Income TaxAsk HMRC’s digital assistant, check tax code and income details online, check personal tax account or HMRC appFor tax codes, tax over/underpayments, marriage allowance, tax on savings, general ISA enquiries (0300 200 3300, +44 135 535 9022)
National InsuranceAsk HMRC’s digital assistant, find the National Insurance number, check your National Insurance record, and apply for a number onlineFor National Insurance rates, thresholds, registration, statutory payments, contribution gaps (0300 200 3500, +44 191 203 7010)

For any other services, you can find the relevant contact details on this page of HMRC’s website: https://www.gov.uk/government/organisations/hm-revenue-customs/contact

HMRC also operates a Twitter account and various postal addresses. Neither is recommended for urgent issues.

For the most accurate and current contact details, you should refer to HMRC’s website or any correspondence that they have sent to you. https://www.gov.uk/contact-hmrc

Webchat Services Available

HMRC also provides live web chat interaction opportunities with advisors. Via the website, taxpayers can initiate text message-style conversations around frequently handled tax situations.

This lets queries get addressed or be escalated for specialist decisions if complex.

Webchats are accessible for:

  • Self-assessment
  • Making voluntary payments
  • VAT refunds claims
  • Progress chasing overpayments

To start a webchat:

  1. Visit https://www.gov.uk/government/organisations/hm-revenue-customs/contact/webchat
  2. Select from the available categories
  3. Answer a set of quick screening questions so your enquiry gets routed appropriately
  4. Join the queue where wait times and volumes display
  5. Communicate via the web chat portal once connected

Webchat services are available 8 am-8 pm Monday to Friday with advisors typically responding in 15 minutes during operating windows depending on demand.

Conversations auto-save for reference allowing picking up unresolved matters later.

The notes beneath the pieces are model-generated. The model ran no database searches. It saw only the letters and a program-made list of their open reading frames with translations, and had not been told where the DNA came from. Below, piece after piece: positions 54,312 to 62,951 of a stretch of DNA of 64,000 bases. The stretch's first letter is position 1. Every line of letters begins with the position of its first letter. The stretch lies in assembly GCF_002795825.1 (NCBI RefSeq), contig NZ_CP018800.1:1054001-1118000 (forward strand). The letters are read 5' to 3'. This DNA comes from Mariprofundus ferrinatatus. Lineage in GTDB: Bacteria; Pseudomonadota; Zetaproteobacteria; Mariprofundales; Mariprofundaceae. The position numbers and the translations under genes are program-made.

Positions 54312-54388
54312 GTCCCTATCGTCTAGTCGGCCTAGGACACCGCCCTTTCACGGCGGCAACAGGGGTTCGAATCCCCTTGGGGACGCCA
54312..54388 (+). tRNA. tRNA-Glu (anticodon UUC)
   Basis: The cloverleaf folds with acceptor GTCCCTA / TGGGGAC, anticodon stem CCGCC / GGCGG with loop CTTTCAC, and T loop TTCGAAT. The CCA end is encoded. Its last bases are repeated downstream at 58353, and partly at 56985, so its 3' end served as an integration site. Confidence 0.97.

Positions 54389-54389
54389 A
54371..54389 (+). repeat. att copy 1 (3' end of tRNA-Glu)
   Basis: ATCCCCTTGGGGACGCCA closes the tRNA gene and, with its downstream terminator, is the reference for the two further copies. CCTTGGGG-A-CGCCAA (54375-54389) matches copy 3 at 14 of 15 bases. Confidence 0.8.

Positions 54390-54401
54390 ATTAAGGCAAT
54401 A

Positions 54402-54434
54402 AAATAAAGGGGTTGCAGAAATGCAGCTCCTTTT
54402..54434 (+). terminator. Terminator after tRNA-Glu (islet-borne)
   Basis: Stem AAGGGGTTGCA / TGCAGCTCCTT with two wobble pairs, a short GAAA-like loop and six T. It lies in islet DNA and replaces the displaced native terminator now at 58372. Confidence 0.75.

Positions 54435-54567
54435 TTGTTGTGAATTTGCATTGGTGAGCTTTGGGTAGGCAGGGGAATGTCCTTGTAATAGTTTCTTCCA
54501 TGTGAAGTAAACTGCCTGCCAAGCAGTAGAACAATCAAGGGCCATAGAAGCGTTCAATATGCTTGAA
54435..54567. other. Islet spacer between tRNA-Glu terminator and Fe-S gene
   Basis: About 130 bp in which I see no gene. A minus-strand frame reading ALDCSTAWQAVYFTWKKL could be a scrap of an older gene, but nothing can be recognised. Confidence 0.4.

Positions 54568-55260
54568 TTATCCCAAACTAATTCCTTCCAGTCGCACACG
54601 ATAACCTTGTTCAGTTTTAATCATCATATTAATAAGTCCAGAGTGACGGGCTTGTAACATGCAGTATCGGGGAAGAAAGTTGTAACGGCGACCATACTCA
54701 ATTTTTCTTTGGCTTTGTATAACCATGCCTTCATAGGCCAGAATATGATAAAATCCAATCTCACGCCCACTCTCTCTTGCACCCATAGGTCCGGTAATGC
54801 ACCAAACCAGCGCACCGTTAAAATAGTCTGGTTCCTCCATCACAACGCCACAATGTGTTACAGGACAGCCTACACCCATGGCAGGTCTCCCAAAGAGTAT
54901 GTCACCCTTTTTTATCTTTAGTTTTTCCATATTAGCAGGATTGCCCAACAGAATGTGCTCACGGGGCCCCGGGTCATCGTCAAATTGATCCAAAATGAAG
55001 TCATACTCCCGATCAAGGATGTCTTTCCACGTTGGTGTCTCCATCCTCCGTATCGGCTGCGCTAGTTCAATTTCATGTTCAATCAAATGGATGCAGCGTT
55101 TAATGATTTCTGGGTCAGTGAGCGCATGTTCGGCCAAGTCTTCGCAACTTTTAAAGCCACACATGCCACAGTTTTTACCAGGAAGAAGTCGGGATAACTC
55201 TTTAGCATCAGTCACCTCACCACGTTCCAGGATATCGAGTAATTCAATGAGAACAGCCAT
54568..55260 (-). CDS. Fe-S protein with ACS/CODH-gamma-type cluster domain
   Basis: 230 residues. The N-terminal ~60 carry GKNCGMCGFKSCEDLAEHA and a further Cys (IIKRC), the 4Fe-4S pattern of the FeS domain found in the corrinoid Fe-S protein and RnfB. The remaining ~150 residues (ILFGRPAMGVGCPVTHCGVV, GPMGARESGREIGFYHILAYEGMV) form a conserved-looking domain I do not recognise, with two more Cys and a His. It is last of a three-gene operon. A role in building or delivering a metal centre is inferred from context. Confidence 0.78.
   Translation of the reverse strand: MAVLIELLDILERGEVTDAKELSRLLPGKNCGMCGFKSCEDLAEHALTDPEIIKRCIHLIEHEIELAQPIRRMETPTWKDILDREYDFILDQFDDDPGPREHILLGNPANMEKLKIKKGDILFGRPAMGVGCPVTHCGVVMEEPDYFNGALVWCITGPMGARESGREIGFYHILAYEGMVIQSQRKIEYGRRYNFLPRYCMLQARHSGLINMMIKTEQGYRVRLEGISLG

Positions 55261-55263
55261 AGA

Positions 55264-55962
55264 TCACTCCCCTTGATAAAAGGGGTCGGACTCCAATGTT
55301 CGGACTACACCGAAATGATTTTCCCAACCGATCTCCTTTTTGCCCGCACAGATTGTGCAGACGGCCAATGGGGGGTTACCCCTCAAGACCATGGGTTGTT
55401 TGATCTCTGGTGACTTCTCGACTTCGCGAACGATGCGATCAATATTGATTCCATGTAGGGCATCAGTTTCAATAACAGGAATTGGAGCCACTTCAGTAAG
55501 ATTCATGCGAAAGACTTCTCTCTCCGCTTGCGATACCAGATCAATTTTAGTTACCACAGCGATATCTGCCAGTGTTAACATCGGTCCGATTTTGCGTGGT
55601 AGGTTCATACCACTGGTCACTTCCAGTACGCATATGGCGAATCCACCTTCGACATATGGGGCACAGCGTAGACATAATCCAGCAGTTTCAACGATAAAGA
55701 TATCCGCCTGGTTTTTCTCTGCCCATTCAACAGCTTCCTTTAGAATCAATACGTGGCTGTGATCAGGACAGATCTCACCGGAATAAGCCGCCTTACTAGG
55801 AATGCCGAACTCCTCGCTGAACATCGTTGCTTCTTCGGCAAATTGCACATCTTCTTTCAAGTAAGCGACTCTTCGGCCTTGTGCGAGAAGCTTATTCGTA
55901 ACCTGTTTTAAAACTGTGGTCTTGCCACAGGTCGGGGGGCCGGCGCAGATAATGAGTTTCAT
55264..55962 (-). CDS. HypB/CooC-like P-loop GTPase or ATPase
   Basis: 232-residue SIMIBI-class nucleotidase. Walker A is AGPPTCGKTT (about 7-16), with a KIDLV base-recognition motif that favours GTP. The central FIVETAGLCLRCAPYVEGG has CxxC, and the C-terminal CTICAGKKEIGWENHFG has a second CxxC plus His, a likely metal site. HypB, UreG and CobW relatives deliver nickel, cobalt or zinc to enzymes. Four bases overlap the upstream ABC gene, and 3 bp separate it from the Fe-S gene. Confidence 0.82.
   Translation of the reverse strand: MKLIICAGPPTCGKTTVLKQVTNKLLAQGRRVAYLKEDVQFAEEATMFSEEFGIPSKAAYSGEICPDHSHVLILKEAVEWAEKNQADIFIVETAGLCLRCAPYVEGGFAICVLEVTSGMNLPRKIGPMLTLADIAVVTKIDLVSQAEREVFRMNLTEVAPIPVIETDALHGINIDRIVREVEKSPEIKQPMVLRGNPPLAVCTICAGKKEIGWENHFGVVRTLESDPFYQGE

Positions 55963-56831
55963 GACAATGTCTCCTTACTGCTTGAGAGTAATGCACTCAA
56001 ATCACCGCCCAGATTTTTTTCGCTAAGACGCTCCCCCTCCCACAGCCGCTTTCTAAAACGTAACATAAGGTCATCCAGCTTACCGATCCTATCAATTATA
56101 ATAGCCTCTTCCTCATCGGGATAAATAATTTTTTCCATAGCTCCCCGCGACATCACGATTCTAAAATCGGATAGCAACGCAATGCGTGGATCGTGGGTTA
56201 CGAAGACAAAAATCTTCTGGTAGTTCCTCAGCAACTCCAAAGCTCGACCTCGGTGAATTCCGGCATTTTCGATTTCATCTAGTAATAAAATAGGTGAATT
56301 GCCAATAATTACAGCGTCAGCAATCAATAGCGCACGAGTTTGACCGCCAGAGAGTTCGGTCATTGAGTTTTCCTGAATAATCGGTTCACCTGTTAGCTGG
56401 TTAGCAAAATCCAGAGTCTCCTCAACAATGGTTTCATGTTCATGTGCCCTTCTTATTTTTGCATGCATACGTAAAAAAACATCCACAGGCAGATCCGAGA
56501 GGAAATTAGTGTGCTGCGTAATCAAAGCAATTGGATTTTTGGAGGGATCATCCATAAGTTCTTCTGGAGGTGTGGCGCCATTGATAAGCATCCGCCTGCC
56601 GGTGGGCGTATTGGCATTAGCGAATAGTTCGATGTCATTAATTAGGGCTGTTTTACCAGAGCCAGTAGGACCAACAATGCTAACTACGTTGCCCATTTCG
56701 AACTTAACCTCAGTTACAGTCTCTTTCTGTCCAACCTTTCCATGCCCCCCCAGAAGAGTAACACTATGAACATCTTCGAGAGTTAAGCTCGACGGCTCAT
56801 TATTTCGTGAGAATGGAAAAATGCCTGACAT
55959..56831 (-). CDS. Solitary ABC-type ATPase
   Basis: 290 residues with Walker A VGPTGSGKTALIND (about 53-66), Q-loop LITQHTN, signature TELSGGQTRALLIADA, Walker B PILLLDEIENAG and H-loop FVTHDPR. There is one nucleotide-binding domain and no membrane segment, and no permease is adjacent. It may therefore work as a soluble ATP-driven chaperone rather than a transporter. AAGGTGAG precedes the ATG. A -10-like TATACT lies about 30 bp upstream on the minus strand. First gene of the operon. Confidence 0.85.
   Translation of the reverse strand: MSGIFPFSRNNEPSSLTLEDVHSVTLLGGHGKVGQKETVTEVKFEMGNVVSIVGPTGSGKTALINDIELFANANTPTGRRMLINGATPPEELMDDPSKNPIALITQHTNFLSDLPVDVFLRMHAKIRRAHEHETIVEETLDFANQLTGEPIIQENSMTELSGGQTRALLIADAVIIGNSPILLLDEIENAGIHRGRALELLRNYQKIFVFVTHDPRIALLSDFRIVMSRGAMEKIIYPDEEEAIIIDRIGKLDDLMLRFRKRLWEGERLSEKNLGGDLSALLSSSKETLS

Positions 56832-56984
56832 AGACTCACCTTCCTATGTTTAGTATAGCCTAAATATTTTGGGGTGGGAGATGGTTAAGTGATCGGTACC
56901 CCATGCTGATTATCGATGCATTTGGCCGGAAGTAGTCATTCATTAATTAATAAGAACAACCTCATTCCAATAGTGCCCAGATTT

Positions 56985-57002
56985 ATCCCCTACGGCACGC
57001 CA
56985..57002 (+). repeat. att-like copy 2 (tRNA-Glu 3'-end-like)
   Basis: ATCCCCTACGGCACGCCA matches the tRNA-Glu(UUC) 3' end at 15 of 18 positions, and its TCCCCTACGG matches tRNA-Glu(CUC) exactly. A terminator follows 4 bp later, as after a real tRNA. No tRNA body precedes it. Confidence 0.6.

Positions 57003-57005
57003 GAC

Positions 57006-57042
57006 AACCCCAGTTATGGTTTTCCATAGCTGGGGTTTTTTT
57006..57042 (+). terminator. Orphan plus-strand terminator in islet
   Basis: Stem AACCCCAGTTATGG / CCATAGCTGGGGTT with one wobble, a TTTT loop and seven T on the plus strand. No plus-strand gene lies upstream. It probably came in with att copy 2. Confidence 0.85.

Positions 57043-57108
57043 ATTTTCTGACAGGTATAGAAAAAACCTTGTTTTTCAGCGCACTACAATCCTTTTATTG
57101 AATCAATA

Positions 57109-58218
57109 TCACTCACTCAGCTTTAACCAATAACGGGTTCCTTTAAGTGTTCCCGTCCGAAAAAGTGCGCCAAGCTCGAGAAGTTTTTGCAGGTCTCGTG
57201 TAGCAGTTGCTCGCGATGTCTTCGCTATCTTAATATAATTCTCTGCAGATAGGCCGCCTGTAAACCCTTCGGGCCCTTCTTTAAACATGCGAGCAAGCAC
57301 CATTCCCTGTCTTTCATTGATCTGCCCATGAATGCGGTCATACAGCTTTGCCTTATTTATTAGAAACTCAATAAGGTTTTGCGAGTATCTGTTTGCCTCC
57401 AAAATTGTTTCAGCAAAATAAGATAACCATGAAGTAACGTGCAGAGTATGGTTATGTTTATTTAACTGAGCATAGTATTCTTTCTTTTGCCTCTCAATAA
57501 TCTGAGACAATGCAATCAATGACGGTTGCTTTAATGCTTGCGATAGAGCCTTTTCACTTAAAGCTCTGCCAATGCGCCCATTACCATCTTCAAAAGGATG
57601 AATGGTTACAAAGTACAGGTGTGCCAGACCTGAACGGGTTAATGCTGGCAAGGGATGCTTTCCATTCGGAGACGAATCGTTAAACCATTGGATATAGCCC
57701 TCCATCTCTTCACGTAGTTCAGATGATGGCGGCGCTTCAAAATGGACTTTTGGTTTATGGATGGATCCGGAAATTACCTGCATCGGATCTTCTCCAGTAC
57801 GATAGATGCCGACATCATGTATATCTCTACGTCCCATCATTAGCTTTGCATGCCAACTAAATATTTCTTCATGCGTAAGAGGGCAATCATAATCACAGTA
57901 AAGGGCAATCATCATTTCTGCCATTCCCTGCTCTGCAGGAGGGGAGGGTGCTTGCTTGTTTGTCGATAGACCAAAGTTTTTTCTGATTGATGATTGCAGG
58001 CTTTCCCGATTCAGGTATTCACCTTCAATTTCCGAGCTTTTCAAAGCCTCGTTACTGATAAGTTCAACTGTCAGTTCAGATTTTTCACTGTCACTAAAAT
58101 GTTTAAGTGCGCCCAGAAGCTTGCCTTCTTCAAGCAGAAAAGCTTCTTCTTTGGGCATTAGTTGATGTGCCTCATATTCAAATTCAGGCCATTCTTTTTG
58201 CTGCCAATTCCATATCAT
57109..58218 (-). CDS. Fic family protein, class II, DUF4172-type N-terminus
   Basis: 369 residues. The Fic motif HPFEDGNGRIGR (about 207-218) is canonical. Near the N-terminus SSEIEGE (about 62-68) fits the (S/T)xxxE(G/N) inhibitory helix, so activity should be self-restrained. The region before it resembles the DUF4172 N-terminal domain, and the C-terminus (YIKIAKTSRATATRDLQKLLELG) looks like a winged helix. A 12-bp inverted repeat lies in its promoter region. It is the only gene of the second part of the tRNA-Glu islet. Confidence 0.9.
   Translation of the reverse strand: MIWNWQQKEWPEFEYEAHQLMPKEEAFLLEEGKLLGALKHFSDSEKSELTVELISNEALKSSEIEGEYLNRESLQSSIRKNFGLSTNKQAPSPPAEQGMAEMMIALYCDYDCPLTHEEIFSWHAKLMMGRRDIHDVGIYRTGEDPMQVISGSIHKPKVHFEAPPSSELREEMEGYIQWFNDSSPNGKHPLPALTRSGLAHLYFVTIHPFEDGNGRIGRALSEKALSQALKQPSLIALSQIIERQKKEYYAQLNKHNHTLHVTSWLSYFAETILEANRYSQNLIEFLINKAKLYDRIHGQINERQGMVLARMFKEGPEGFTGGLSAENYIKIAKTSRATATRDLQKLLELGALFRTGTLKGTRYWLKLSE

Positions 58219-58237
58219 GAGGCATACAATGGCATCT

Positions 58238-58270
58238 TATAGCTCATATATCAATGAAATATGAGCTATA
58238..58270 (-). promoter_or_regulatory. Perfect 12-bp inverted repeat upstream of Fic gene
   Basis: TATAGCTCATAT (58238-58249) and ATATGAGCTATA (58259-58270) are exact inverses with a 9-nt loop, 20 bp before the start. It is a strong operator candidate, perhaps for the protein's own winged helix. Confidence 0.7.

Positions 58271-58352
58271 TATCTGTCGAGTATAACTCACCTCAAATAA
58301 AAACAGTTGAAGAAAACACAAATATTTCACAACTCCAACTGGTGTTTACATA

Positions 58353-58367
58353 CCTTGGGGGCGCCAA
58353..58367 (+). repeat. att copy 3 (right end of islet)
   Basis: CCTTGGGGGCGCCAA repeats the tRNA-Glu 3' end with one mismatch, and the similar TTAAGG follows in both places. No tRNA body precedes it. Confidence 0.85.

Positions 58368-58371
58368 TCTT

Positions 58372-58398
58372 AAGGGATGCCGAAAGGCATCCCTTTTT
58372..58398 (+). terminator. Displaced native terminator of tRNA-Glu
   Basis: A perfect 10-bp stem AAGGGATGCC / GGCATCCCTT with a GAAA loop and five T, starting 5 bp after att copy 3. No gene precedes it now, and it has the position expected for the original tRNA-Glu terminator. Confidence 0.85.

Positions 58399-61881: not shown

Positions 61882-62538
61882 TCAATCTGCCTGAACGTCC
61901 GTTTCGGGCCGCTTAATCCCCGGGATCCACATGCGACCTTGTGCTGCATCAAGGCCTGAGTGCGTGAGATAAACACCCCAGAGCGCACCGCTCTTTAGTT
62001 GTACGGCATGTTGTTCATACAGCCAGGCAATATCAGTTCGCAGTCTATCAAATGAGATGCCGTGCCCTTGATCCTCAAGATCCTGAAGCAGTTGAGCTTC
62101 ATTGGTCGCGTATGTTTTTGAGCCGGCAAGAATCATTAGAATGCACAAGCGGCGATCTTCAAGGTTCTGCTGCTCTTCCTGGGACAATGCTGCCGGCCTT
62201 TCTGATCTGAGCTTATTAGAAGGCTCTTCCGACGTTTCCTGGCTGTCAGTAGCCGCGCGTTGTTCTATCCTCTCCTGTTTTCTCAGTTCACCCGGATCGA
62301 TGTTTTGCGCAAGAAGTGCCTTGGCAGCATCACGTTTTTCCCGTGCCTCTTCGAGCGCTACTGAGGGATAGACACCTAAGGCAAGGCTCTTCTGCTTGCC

Sending Messages to HMRC

For more detailed discussions not suited to web chat windows, taxpayers registered for HMRC online accounts can send direct secure messages with attachments which will receive an email-style response in due course.

This works for chasing updates on open cases, more descriptive or complicated queries and submitting supporting materials confidentially.

To message HMRC through your personal tax account/business tax account:

  1. Login using Government Gateway credentials
  2. Navigate to “Messages” or “Contact” in the top menu
  3. Select the appropriate message category to initiate an enquiry
  4. Upload files if supplementary paperwork required
  5. Send messages and monitor inbox folder for replies

While less instant than webchat, these messages do let you cover a wide range of issues specific to your needs without having to wait in the phone queue. Messages typically see responses within 3-5 days but patience is advised for busier periods, particularly nearer tax reporting deadlines.

Why Isn’t Live Chat Freely Available Across the HMRC site?

Whilst we’re fairly used to having live chat options for online shopping and other professional services, it isn’t widely used for HMRC yet. Here are some of the main reasons why live chat functionality is not freely available across all areas of the HMRC website:

Cost and Resourcing